This is really easy. All you need to do is delete the ".pdsState" file and restart PDS. Where is the .pdsState file? If you are running PDS using a Desktop installation, the file will be in the root of your home directory. If you are running PDS from a USB drive, the file will be kept inside the PDS directory on your USB drive. If you use PDS in both the Desktop and USB modes, then there will be a .pdsState file in both locations; one for running in USB mode and the other for running in Desktop mode.
Using PDS with tape drives
This section provides a little bit of information about using a Linux instance of PDS 2 with a tape drive. First, here are some suggestions regarding setting up the environment.
1. Create a "tape" group. 2. Set the tape device(s) to be group "tape". 3. Set the tape device(s) to be readable and writeable by users in the "tape" group. 4. Add your non-root account to the the "tape" group.
Next, you should tell PDS the path to your primary tape device:
1. Select Options -> Locations, then select the Default Raw Device tab. 2. Change the default raw device from "/dev/null" to the non-rewinding device (e.g. /dev/nst0).
Load a new tape, and you are ready to encrypt a file or directory to tape using PDS.
As PDS does not move the tape (except when reading or writing), positioning the tape to the desired tape mark will need to be done outside of PDS. To position the tape via the command line, the "mt" command may be used. To avoid having to provide "mt" with the device path each time it is run, you may set the default tape device to the variable "TAPE", such as:
With the default tape device set to TAPE, the following scenario shows how to position a tape for PDS to write a second entry:
$ mt rewind $ mt fsf 1 $ mt status
At this point you will be ready to append a second entry to tape.
Using Java with Mac
Does managing Java on Mac seem challenging? Maybe even frustrating? If so, this should help.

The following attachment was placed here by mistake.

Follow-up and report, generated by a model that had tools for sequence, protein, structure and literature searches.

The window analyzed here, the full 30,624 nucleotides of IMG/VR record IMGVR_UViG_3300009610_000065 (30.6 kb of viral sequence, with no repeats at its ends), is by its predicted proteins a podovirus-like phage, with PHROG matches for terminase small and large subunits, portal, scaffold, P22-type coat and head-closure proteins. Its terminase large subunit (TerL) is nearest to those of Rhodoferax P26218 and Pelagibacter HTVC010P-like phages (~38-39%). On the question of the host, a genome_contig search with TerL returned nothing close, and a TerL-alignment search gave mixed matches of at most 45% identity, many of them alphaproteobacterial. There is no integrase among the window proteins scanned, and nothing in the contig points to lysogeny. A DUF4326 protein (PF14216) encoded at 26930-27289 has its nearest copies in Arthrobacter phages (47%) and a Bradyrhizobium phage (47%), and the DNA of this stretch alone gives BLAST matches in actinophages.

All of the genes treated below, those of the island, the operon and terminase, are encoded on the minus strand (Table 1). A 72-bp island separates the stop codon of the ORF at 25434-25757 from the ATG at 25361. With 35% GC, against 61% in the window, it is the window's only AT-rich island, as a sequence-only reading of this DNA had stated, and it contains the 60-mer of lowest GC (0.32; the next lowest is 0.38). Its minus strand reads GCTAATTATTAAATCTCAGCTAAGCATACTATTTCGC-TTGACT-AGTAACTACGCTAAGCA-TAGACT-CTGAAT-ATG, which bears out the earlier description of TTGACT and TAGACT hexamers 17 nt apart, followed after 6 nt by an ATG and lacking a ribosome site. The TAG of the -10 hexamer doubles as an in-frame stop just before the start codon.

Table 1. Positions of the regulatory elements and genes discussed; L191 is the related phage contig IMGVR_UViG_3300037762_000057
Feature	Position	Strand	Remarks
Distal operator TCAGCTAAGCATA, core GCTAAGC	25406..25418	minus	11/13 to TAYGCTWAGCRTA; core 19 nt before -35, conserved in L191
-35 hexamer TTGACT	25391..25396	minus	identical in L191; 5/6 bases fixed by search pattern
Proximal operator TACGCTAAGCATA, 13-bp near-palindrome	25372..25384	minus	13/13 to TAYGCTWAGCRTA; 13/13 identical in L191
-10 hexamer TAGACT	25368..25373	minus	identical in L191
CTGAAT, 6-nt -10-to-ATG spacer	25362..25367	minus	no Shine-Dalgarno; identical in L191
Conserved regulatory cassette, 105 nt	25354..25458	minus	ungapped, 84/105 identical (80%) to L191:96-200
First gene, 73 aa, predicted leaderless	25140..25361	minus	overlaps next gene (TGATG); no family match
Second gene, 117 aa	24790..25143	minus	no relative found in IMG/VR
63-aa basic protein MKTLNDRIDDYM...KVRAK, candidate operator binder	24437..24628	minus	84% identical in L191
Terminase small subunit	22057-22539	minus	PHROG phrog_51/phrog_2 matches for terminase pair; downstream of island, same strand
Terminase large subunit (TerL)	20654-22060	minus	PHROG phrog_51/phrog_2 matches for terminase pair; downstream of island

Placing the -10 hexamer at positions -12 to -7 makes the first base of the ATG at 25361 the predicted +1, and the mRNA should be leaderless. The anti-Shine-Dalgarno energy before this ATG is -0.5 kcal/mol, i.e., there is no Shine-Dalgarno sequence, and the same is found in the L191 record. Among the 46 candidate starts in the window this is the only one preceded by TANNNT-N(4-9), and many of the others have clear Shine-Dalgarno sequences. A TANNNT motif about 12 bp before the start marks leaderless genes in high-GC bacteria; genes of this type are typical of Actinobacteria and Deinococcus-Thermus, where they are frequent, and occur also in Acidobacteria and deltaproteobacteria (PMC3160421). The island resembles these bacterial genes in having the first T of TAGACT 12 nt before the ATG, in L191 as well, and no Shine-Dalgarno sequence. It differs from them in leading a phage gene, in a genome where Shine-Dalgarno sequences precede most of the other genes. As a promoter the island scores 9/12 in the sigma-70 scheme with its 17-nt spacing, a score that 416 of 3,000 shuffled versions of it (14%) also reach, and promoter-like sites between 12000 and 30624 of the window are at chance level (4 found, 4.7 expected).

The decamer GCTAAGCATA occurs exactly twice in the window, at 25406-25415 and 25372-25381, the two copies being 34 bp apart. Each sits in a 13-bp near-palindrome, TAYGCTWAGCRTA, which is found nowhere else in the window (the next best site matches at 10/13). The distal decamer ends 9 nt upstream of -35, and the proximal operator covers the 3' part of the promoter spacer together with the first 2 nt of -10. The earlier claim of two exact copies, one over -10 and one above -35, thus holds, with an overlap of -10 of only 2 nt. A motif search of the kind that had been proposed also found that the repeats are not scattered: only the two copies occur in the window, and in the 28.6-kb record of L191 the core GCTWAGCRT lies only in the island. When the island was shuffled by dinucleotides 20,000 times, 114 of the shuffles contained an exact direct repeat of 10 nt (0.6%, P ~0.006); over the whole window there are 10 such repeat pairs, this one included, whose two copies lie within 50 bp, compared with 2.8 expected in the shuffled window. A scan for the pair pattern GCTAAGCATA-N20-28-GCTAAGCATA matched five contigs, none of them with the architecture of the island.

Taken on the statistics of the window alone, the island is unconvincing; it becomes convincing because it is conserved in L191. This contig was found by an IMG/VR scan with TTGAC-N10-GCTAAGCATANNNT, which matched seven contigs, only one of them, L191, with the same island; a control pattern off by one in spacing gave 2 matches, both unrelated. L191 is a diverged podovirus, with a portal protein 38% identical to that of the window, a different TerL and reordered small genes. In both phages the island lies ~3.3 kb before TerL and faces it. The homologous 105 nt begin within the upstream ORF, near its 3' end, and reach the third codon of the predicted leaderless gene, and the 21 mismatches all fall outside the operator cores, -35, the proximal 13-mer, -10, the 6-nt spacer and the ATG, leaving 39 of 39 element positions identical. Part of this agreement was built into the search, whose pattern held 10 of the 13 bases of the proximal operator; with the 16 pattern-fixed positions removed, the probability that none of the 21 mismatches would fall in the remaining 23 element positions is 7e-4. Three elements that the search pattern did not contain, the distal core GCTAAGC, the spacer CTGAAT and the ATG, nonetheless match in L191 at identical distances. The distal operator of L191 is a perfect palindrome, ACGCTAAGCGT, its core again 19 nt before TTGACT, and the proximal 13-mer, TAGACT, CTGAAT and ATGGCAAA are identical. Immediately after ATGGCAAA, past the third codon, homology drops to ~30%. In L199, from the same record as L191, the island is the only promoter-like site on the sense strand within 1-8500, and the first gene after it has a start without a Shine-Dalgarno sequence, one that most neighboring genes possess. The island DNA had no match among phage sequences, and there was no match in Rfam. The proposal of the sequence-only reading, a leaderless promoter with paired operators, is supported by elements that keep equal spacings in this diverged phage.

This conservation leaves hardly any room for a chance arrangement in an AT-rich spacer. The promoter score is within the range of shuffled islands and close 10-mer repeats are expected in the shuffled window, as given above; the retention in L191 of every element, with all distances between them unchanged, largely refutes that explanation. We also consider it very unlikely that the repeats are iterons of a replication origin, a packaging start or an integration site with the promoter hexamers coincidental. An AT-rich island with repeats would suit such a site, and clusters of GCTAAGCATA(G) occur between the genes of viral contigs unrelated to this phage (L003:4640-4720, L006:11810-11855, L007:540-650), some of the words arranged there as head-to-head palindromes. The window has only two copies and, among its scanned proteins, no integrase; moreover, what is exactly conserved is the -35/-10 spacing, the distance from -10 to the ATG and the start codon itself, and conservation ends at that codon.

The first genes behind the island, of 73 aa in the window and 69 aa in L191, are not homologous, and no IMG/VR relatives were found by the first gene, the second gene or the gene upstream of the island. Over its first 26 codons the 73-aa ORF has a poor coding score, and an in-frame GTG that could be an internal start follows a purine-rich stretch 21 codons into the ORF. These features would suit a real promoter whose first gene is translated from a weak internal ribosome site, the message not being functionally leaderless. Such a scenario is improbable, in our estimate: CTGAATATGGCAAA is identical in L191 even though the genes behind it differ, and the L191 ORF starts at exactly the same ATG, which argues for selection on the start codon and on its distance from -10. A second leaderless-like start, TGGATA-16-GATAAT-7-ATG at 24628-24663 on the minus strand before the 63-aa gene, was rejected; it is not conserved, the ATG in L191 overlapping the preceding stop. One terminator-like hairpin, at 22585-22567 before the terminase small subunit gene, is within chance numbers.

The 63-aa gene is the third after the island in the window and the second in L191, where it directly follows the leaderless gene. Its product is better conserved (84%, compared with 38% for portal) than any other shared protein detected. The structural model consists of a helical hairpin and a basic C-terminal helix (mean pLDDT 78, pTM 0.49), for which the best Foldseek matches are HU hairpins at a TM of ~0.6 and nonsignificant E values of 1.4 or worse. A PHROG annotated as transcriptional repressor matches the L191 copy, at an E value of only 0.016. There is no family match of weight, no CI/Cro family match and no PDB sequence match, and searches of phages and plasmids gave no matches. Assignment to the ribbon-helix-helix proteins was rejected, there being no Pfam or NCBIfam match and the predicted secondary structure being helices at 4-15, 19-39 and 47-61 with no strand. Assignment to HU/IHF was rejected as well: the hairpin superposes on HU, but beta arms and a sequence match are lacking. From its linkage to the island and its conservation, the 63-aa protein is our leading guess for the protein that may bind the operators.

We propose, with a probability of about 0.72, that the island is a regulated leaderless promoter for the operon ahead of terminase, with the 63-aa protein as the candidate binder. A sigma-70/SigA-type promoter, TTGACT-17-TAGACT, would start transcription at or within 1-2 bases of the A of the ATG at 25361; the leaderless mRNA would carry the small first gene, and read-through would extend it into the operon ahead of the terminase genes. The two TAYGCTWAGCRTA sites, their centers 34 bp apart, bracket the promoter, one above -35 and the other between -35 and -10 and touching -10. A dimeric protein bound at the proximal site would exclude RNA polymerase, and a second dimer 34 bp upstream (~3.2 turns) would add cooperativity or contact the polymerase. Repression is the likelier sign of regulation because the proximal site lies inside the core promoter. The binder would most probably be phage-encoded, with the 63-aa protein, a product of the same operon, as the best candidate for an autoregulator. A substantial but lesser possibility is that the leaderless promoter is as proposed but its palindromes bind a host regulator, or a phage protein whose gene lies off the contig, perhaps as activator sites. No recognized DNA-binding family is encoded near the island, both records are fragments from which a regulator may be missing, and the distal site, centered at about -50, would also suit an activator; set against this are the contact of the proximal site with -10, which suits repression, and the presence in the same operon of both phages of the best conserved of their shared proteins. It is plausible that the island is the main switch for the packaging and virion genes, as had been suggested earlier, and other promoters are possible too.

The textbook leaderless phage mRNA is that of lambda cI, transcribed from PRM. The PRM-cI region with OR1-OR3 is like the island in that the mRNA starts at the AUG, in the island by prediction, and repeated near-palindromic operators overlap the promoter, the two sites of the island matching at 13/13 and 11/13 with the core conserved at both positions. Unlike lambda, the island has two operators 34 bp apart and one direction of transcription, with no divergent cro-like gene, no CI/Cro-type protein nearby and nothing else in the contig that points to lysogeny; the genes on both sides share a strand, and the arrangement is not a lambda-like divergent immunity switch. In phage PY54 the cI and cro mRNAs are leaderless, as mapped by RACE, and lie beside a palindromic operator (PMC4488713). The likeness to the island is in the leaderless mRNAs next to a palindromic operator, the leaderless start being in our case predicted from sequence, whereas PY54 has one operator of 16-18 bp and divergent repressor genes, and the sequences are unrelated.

Apple used to love Java, and for a while provided their own JDK. That ended with Java 6, and now Oracle is the provider of Java for Mac.
Oracle provides both a JDK and a JRE for Apple in package format. Oracle also provides a JRE in tar.gz format. We recommend only using the JRE in package format.
Generally speaking, you can only have one JRE installed, but you can have many JDKs installed. This is because installing a second JRE overwrites the existing JRE.
JDKs and JREs may seem to be installed in odd places.
To clarify, appending this to your startup script (.bash_profile) may help:
## Java on Mac
## JRE HOME
export JAVA_HOME="/Library/Internet Plug-Ins/JavaAppletPlugin.plugin/Contents/Home"
## JDK HOME
## Show installed JRE/JDKs:
alias lsjre='echo $JAVA_HOME;"$JAVA_HOME"/bin/java -version'
alias lsjdk="echo $JDK_HOME;ls -l $JDK_HOME 2>/dev/null|grep -v total"
## System Java
## CLI Java
java version "1.8.0_161"
Java(TM) SE Runtime Environment (build 1.8.0_161-b12)
Java HotSpot(TM) 64-Bit Server VM (build 25.161-b12, mixed mode)
drwxr-xr-x 3 root wheel 96 Dec 26 16:12 jdk-9.0.1.jdk
To install a second JDK, simply download the package and install it. But since the JRE does not have the version information, installing JRE 9 will overwrite the existing JRE 8. One easy way around this is solved by the command line, using these commands:
$ sudo mv JavaAppletPlugin.plugin JavaAppletPlugin.plugin-8